Placette Saint Louis 1Placette Saint Louis 1
©Placette Saint Louis 1

Saint-Louis district

The name of the Saint-Louis district dates back to the creation of the Saint-Louis Sucre refinery in Marseille in the 19th century. It is a lively district in Marseille’s 15th arrondissement, with a Catholic church built in concrete and featuring statues, frescoes and stained glass windows.

A district of the 15th arrondissement

Covering an area of 1.5 square kilometres, Saint-Louis is located in the 15th arrondissement of Marseille, in the Bouches-du-Rhône department. With its uninterrupted view of the sea, this cosmopolitan, lively district is located close to activities and shops. There are plenty of green spaces to enjoy with family, friends or as a couple. The Saint-Louis district has good school and childcare facilities, with two crèches, four nursery schools, five primary schools, two collèges (lower secondary schools) and six lycées (upper secondary schools). It is mainly made up of flats, with very few detached houses. The districts bordering Saint-Louis include Les Aygalades, Les Borels, La Cabucelle, La Calade, La Delorme, Saint-André and La Viste.

Saint-Louis Sucre

Saint-Louis Sucre, a French refinery, was founded in 1866 in the Saint-Louis district. In fact, the district owes its name to this sugar company. In 1878, the company bought the Sucre Maurin refinery in the Saint-Charles district of Marseille to form the Société Nouvelle des Raffineries du Sucre Saint-Louis. Joseph Bonnasse was one of the refinery’s founding members. Although the company’s head office is now in the 19th arrondissement of Paris, a factory is still located in the Saint-Louis district. From 1968 to 1998, Saint-Louis Sucre was known as Générale sucrière before being bought by the German group Südzucker in 2001, which distributed products under the Saint-Louis brand name.

The church of Saint-Louis

Located on the chemin de Saint-Louis in Le Rove, Saint-Louis church dates back to medieval times, as evidenced by the Pietà in the nave, the only surviving vestige of the Middle Ages. Between 1935 and 1939, it was rebuilt to the plans of architect Jean-Louis Sourdeau, following the design of Abbé Gabriel Pourtal. Due to the irregular pentagonal shape of the site, Sourdeau was unable to build the church in the traditional Latin cross style. He did, however, manage to use the entire plot of land with his unique design. The minaret-like peaks of the church and the large hemispherical concrete dome show Eastern and Mediterranean influences. The church has a total capacity of 900. In 1989, the Saint-Louis church was listed as a historic monument.

The exterior of the church comprises a bell tower, a nave topped by a cupola, a narthex and a chapel once dedicated to the Virgin Mary. All the structures and exterior decorations were built using reinforced concrete, a modern technique for the time. The 9-metre-high Archangel Gabriel at the top of the bell tower, created by the sculptor Carlo Sarrabezolles, bears witness to this method, which enabled the building to be completed quickly and cheaply.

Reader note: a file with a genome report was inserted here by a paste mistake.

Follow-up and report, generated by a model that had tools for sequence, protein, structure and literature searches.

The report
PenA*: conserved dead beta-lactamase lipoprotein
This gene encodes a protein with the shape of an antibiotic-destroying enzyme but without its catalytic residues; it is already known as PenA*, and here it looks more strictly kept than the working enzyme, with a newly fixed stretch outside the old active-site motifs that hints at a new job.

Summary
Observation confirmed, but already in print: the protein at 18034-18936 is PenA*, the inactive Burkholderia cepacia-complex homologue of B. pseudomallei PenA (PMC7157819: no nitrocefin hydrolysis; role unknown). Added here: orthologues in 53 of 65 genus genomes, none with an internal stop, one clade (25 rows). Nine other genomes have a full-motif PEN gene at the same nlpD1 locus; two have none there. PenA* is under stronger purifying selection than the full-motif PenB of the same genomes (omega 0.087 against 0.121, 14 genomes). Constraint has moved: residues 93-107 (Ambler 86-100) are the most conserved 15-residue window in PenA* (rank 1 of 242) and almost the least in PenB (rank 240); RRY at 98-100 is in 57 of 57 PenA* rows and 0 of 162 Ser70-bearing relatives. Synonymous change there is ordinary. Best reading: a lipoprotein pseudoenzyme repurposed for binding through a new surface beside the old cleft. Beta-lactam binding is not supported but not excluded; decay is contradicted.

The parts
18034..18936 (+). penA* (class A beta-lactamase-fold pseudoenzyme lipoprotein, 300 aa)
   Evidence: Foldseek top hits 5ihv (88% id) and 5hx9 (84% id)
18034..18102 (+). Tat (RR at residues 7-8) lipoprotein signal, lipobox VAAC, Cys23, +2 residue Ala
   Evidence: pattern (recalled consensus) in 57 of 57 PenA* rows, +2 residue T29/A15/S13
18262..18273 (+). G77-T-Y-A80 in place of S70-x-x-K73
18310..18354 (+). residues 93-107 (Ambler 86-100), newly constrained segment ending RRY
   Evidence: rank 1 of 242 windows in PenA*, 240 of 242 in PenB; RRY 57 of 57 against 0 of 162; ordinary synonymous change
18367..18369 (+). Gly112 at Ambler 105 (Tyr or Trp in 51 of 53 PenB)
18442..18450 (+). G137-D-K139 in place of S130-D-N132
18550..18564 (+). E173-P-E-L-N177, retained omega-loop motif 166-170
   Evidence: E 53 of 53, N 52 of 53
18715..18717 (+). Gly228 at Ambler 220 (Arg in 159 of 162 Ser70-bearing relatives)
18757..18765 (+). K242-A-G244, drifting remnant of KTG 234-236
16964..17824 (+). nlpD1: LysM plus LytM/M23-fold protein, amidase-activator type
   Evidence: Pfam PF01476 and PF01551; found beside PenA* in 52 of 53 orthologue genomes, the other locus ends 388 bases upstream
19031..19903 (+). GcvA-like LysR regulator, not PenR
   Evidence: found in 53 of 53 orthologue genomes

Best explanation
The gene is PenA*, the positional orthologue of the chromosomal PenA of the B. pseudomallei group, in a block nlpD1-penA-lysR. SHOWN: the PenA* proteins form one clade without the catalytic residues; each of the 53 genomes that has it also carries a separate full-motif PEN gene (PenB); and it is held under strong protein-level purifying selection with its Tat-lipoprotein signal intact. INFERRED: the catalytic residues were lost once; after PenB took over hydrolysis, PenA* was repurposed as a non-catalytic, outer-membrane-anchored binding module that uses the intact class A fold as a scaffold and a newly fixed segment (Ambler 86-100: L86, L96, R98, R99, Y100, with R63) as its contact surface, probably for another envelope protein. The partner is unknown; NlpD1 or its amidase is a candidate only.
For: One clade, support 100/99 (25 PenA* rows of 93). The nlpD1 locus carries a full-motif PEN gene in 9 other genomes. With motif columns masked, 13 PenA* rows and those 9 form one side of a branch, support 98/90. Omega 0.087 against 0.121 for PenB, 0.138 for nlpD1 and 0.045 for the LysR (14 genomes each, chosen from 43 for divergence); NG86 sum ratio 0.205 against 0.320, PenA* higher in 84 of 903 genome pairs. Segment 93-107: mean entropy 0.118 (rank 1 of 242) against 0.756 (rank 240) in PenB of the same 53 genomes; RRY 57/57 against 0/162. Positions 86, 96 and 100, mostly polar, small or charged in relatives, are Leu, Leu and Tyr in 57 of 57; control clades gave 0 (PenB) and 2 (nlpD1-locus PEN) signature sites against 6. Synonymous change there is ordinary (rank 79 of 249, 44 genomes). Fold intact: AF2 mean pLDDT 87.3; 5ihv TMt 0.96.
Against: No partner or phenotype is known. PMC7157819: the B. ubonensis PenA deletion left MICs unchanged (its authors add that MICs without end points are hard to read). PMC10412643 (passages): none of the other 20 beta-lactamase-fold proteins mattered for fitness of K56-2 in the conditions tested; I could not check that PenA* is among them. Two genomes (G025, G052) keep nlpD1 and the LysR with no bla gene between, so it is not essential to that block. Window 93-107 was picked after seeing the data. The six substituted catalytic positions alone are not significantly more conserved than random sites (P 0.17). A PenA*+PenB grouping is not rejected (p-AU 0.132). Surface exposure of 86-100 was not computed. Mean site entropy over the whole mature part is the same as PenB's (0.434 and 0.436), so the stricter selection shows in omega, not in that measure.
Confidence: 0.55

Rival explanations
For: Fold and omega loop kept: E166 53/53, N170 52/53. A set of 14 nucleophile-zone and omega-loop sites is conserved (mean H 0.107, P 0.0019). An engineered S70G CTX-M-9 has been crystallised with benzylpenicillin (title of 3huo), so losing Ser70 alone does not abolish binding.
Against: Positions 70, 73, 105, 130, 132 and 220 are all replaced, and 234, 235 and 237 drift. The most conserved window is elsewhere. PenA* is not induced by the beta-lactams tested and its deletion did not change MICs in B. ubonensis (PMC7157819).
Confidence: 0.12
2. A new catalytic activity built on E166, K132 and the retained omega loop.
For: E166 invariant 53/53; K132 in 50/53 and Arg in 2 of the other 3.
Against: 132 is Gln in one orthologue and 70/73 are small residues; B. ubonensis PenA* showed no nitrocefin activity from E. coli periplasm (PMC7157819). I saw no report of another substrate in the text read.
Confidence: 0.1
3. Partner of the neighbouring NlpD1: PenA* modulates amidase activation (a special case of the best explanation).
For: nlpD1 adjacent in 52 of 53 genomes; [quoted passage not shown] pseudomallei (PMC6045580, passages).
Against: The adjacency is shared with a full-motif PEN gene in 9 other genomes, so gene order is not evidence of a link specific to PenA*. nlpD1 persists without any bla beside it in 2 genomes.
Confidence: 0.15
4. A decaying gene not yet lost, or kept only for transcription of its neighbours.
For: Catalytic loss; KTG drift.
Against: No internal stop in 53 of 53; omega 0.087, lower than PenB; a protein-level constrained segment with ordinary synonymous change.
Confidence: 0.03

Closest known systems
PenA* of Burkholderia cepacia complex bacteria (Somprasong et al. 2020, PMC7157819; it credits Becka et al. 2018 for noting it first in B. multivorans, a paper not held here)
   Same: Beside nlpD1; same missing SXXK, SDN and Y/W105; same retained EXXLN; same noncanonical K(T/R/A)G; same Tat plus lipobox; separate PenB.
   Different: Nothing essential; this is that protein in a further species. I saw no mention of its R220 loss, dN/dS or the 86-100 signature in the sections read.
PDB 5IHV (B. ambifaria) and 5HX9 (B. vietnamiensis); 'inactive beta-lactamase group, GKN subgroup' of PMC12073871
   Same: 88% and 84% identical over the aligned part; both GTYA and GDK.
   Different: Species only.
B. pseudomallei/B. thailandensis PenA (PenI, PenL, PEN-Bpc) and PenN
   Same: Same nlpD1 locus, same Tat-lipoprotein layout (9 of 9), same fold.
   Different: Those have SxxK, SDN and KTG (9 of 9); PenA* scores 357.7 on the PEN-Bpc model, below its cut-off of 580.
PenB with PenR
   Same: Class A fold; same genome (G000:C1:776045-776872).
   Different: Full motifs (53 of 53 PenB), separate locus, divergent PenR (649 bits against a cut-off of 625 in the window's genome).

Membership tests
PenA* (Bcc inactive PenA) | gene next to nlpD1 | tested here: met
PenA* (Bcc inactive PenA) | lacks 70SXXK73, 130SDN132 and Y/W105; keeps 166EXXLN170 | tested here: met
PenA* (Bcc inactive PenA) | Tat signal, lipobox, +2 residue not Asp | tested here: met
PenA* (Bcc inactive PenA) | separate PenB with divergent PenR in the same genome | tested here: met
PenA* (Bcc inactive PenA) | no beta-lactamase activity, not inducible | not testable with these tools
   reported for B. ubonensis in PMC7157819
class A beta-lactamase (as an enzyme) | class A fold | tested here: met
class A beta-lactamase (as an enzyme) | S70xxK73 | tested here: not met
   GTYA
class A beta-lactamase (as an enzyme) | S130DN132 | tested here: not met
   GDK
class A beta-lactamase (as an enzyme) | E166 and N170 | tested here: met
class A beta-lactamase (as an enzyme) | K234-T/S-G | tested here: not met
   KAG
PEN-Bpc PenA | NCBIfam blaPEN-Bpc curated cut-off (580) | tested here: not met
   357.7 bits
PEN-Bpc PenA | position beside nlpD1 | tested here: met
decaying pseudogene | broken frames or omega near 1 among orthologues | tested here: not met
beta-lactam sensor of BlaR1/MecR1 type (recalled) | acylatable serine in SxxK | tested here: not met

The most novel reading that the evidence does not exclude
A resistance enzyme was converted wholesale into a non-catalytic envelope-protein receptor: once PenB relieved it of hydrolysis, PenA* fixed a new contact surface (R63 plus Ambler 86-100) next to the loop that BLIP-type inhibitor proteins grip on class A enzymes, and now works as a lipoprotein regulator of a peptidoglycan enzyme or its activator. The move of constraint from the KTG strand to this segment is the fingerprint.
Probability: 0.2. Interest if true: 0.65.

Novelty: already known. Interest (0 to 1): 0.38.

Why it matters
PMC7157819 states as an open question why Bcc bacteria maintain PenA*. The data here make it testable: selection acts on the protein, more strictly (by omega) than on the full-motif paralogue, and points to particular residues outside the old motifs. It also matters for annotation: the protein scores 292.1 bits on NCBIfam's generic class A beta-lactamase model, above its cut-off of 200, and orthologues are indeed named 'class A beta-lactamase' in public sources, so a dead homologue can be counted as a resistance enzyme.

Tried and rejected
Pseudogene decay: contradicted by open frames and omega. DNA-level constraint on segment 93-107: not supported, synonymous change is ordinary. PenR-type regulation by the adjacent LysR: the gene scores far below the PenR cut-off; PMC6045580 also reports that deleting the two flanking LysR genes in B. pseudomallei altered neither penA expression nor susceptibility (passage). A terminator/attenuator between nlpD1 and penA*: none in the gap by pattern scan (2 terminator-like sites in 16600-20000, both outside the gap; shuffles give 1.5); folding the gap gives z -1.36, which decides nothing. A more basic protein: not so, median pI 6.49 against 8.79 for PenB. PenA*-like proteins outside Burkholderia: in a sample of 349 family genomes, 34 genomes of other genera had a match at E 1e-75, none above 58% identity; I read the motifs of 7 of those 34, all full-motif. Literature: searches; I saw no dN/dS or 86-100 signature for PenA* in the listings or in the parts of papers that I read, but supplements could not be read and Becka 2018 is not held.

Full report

Originally, the church was not supposed to have any statues. However, two statues can be seen inside the church of Saint-Louis: the first represents the Virgin and Child in plaster in the narthex, while the second features a white marble stele evoking Saint Fortunée in a niche-chapel in the nave. The work was carried out by sculptors François Carli, for the Virgin, and Louis Botinelly, for the stele of Saint Fortunée.

The church also features a Stations of the Cross fresco, the work of painter Jacques Martin-Ferrières, representing the original fourteen stations of this private and communal act of devotion. The narthex houses six stained glass windows symbolising Martin de Porrès, Joan of Arc, Vincent de Paul, King Saint Louis, the Archangel Saint Michael and Blessed Antoine Chevrier. Within the church, visitors can also admire eight stained glass windows dedicated to the history of the French king Saint-Louis, created in transparent mosaic by master stained glass artist Jean Gaudin.

How to get to the Saint-Louis district

There are several bus routes to the Saint-Louis district of Marseille: 25 (Métro Gèze – Saint Antoine), 27 (Métro La Rose – Lycée Saint-Exupéry), 30 (Métro Gèze – La Savine), 36 (Métro Bougainville – La Nerthe), 36B (Métro Bougainville – L’Estaque) and 70 (Canebière Bourse – Lycée Saint-Exupéry).

The special B2 line linking Gèze Metro station to Vallon des Tuves also passes through Saint-Louis. In the evening, night buses 526 (Canebière Bourse – Hôpital Nord) and 535 (Canebière Bourse – Estaque Riaux) serve the area.

By car, continue on the A51 motorway towards Marseille, take exit 33 and leave the A7 motorway. Continue along the chemin de Saint-Antoine à Saint-Joseph and take the D4 towards rue René Mariani.